Restricted Workers

Dan edited this page Sep 23, 2013 · 5 revisions

Documentation for the restricted-workers library.


This library provides an abstract interface for running various kinds of workers under resource limitations. The library provides Worker and WorkersPool abstractions for as well as configurable security and resource restrictions settings.

Also see


Examples of typical usage of the library can be found in the examples/ directory

Security limitations and restrictions

restricted-workers applies a whole lot of limitations to the worker processes, which can be configured using the following datatype:

data LimitSettings = LimitSettings
    { -- | Maximum time for which the code is allowed to run
      -- (in seconds)
      timeout :: Int
      -- | Process priority for the 'nice' syscall.
      -- -20 is the highest, 20 is the lowest
    , niceness :: Int
      -- | Resource limits for the 'setrlimit' syscall
    , rlimits :: Maybe RLimits
      -- | The directory that the evaluator process will be 'chroot'ed
      -- into. Please note that if chroot is applied, all the pathes
      -- in 'EvalSettings' will be calculated relatively to this
      -- value.
    , chrootPath :: Maybe FilePath
      -- | The UID that will be set after the call to chroot.
    , processUid :: Maybe UserID
      -- | SELinux security context under which the worker
      -- process will be running.
    , secontext :: Maybe SecurityContext
      -- | A filepath to the 'tasks' file for the desired cgroup.
      -- For example, if I have mounted the @cpu@ controller at
      -- @/cgroups/cpu/@ and I want the evaluator to be running in the
      -- cgroup 'idiaworkers' then the 'cgroupPath' would be
      -- @/cgroups/cpu/idiaworkers@
    , cgroupPath :: Maybe FilePath
    } deriving (Eq, Show, Generic)

There is also a Default instance for LimitSettings and RLimits with most of the restrictions turned off:

defaultLimits :: LimitSettings
defaultLimits = LimitSettings
    { timeout    = 3
    , niceness   = 10
    , rlimits    = Nothing
    , chrootPath = Nothing
    , processUid = Nothing
    , secontext  = Nothing 
    , cgroupPath = Nothing

Below I'll briefly describe each limitation/restriction with some details.


The timeout field specifies how much time (in seconds) the server waits for the worker.

NB: this restriction is not being controlled automatically. You, as a Worker client, is responsible for applying this limitation using the helper workerTimeout function from 'System.Restricted.Worker.Internal'. The reason for this is that controlling this thing require either a multi-threaded environment (which sometimes we can't afford) or spawning additional processes for each worker (which is unreliable).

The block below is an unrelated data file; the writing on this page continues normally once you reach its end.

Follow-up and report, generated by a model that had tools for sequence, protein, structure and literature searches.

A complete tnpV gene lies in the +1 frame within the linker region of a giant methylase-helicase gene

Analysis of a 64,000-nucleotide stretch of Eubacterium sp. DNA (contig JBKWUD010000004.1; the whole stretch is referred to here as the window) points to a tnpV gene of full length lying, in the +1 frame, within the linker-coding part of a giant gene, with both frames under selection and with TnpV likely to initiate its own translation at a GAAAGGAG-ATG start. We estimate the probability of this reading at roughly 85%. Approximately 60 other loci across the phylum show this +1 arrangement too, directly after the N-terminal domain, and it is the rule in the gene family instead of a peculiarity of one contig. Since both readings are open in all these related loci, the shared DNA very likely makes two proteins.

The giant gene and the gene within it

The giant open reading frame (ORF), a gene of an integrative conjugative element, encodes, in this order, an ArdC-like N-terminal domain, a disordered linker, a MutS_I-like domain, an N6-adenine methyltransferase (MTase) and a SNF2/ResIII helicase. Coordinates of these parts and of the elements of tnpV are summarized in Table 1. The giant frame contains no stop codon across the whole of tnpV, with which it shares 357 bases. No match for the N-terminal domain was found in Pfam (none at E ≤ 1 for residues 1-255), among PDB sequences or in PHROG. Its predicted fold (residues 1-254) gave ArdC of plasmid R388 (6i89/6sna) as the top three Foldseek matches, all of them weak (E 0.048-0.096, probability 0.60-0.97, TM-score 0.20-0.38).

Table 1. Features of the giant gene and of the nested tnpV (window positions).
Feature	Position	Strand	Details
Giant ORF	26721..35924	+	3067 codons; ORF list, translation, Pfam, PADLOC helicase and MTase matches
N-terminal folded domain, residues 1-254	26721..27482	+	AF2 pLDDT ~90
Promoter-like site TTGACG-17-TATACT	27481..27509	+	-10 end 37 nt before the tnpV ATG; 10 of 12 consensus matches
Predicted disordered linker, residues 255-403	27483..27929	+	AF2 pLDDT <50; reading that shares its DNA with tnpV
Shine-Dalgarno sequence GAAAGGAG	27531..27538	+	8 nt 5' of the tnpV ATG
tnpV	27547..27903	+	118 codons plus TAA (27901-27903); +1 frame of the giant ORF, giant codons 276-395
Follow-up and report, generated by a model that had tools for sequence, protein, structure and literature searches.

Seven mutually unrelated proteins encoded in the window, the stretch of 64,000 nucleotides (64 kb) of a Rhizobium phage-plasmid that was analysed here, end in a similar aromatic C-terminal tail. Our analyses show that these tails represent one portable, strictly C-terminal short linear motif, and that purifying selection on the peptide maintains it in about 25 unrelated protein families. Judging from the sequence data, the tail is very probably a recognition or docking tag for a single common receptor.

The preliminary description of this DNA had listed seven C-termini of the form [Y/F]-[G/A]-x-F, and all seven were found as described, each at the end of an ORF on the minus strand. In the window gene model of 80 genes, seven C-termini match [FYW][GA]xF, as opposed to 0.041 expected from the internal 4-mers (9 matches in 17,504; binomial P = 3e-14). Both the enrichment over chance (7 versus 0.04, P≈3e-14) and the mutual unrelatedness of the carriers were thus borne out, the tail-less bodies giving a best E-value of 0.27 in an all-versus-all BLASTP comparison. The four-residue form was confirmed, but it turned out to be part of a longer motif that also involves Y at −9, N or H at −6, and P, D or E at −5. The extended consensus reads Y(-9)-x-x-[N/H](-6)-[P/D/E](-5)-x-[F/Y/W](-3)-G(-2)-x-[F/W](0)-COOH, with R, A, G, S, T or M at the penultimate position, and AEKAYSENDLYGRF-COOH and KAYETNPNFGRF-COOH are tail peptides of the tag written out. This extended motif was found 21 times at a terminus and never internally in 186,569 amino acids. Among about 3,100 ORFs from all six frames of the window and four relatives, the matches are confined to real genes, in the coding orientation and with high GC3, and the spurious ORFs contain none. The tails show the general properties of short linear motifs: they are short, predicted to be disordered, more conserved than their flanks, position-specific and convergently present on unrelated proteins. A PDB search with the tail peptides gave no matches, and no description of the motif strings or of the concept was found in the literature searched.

Example of using workerTimeout:

import Control.Applicative ((<$>))
import Control.Concurrent.Async (race)

getInt :: Worker IOWorker -> Int

myFunc :: Worker IOWorker -> IO (Maybe Int)
myFunc w = do
    either (const Nothing) Just <$> race (workerTimeout w) (getInt w)   

There is also processTimeout from 'System.Restricted.Limits'


Niceness is merely the value passed to the nice() syscall, nothing special.


The resource limits are controlled by syscalls to setrlimit. The limits itself are defined in the RLimits datatype:

data RLimits = RLimits
    { coreFileSizeLimit :: ResourceLimits
    , cpuTimeLimit      :: ResourceLimits
    , dataSizeLimit     :: ResourceLimits
    , fileSizeLimit     :: ResourceLimits
    , openFilesLimit    :: ResourceLimits
    , stackSizeLimit    :: ResourceLimits
    , totalMemoryLimit  :: ResourceLimits
    } deriving (Eq, Show, Generic)

ResourceLimits itself is defined in System.Posix.Resource. For more information on resource limits see setrlimit(3).

Chrooted jail

In order to restrict the worker process we run it inside the chroot jail. The easiest way to create a fully working jail is to use debootstrap.

sudo debootstrap wheezy /idia/run/workers/worker1
sudo chmod <USER> /idia/run/workers/worker1
cd /idia/run/workers/worker1
sudo mkdir -p ./home/<USER>
sudo chown <USER> ./home/<USER>
cd ./home/<USER>

Additionally, if you plan on compiling Haskell code in your worker, you may need to mount a couple of directories and install gcc inside the jail.

mkdir .ghc && sudo mount --bind ~/.ghc .ghc
mkdir .cabal && sudo mount --bind ~/.cabal .cabal